The Act takes Vancouver
As the weather dropped to a chilling 43 degrees and the lights of downtown came to life, friends, family and students gathered in the Brickhouse Bar & Grill in Vancouver, on November 6 for the release show of The Act. They’re a four person band comprised of talented jazz musicians as well as students from Clackamas Community College.
The band consists of trumpet player Regina Raine, drummer Tyrus Friedstrom, bassist Carson Krauss and lead vocalist and guitarist Annabella Gelmetti. All of these members have a laid-back attitude that translates seamlessly into their music. The band has been together for a little over a year and originally started as a trio band which Gelmetti founded.
“She had a New Year’s gig at Tavern on Kruse and they needed an opener so Annabella contacted me and I had already played with her outside of high school,” said Friedstrom. “The first time I ever interacted with Carson was through the gig. Winter break started and we just jammed, she already had four or five songs and by the time we were done the songs had completely changed and we kind of made them our own.”
The band picked up Raine as their fourth and final member for CCC’s Garage Band Competition, which is a part of a three-day MPT festival (Music Performance and Technology) that allows junior and senior high school students to compete for scholarships and free studio time in CCC’s studio. The band took first place and used the studio time to record and produce their two new singles ‘Paper Thin’ and ‘Far Away.’
All four members of The Act have a long history in music, and have committed countless hours towards perfecting their sound.
“Music comes to you in the weirdest ways. For me it was listening,” said Krauss. “There were no bass players at my school so I was kind of filling a role. I’ve been playing electric bass for nine years and I’ve been playing upright bass for four and a half. I taught myself how to play upright bass for some high school groups and it just stuck.”
Gelmetti has been strumming a guitar seemingly all her life, and has the sound to back it up. “I started singing and playing guitar when I was five, so that would be 14 years now,” said Gelmetti. “About the age of seven was when I wrote my first song and it was very basic, like one chord the whole time. But after that I told my guitar teacher I didn’t want to play anybody’s music but my own from that moment on and I kind of held to my word.”
Gelmetti also lends time to the saxophone and piano, which she believes helped her maintain a steady and positive work flow in her music education. “Having that young foundation of loving music and not being brutalized with it made my life a lot easier in music school,” Gelmetti said.
While Raine’s parents are not musicians, they raised a full family of them which Raine fits right into, and it’s thanks to the choices of her siblings that The Act has the unique and freeing sound of a trumpet. “I’ve been going to piano lessons for as long as I can remember,” said Raine. “I started playing trumpet in sixth grade. Funny story my brother was a percussionist, my second sister was a violinist, so strings were out and my older sister was a saxophonist so I couldn’t play reed instruments, so I just chose brass.”
Friedstrom has an impressive eight years in music, starting in seventh grade. “I was in band through middle school and high school. I was mostly doing percussion stuff, tambourine, snare drum, occasional cowbell,” said Friedstrom.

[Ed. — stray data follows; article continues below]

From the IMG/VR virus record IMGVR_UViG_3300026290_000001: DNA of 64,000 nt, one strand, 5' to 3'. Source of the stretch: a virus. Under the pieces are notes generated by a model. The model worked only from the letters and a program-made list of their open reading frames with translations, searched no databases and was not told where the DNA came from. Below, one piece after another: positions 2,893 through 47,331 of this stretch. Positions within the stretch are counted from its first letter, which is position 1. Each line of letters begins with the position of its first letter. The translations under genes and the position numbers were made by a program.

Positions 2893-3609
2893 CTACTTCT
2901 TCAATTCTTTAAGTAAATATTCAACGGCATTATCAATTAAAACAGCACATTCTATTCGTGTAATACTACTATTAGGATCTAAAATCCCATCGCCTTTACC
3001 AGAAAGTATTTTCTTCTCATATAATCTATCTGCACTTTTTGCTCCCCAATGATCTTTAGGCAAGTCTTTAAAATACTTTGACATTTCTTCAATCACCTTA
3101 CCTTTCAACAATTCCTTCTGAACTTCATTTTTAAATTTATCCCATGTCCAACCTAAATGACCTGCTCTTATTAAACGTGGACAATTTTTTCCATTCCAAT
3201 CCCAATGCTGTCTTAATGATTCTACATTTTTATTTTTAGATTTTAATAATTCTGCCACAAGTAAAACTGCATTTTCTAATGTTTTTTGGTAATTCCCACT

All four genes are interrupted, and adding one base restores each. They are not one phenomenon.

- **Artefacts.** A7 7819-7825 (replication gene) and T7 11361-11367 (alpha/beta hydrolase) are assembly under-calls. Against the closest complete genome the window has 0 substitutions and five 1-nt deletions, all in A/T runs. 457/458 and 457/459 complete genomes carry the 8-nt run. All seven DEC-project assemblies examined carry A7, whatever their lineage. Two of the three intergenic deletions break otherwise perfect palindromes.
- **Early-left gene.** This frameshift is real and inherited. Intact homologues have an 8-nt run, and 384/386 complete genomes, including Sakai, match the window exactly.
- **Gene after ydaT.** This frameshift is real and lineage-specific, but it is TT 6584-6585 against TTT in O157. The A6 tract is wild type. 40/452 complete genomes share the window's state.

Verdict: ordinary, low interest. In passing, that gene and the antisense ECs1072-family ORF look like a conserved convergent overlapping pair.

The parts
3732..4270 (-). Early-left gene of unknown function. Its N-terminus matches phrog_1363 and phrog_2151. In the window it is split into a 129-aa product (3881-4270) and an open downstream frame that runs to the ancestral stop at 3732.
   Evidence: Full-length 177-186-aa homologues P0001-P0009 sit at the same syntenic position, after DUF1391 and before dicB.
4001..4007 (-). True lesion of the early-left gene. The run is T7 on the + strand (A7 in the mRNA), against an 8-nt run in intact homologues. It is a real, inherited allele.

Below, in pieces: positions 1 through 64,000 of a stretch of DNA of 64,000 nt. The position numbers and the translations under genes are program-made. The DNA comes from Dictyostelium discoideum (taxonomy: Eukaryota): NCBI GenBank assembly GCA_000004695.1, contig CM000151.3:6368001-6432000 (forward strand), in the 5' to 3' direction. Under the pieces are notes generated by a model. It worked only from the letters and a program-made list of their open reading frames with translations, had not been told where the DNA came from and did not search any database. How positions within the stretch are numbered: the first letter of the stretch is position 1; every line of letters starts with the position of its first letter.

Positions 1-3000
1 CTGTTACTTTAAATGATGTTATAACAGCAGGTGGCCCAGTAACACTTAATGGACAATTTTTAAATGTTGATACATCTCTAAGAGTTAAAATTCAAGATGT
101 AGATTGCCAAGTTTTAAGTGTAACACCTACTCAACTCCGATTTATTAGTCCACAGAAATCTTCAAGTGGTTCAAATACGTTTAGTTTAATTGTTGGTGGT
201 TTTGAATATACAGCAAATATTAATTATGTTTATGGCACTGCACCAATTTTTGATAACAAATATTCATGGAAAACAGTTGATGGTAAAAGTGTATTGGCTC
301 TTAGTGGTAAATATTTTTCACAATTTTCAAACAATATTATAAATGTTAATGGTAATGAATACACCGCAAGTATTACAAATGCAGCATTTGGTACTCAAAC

“It wasn’t until junior year when I joined Jazz Ensemble with Annabelle that I really grew and really started to focus on drums. My teacher and tutor, Greg Van Winkle, really disciplined me and gave me what we call jazz discipline.”
One aspect of The Act that is a joy to tackle is the difficulty in pinning down the genre of music in which they play. Inspiration from seemingly hundreds of bands filters through these four members, and even they have difficulty discerning their sound. Indie-rock-jazz is the closest they could get, and it fits very well.
“We mix in a lot of things that you wouldn’t normally hear like alternative folk, a little bit funk, it has rock. I like playing it, I like music you can dance to,” said Krauss.
The Act seeks to put out an accepting sound, one that anyone can listen to and feel free.
“Please let our performance be an escape from the crazy and hectic world that has become our reality,” said Krauss. “Whenever I’m up on stage playing with these guys I feel so much love and I want that to come across to the audience. I want every note to resonate on that frequency of love and peace and understanding. Don’t let your life be an act, let it be real, be yourself in every moment.”
For Gelmetti, their music can also serve to help combat the endeavors of everyday life. “A lot of our songs are about friendship, heartbreak, love,” said Gelmetti. “Building healthy relationships and trying to find your place in the world.”
For Friedstrom, it’s about individuality and being in the moment. “I don’t do things the same time every performance,” said Friedstrom. “Every performance, every song, every note is special and it’s with the intent and energy we want people to jump on to.”
A release show is meant to signify the birth of a band’s professional career, and this is no exception. The band has big plans for the future and the talent to do so. “I look at this band as a space for us to grow our creative side,” said Gelmetti. “This is a really free band to experiment with new ideas and this is constantly growing so we’re just going to see where we can take it.”
As the band finished their final song, ‘Paper Thin’ on stage, they were met with thunderous applause from all the music lovers who piled into their venue on a cold night. People who came to hear a warm and inviting sound that all can vibe to. You can find The Act on streaming services such as Spotify, iHeartRadio, iTunes and Google Play.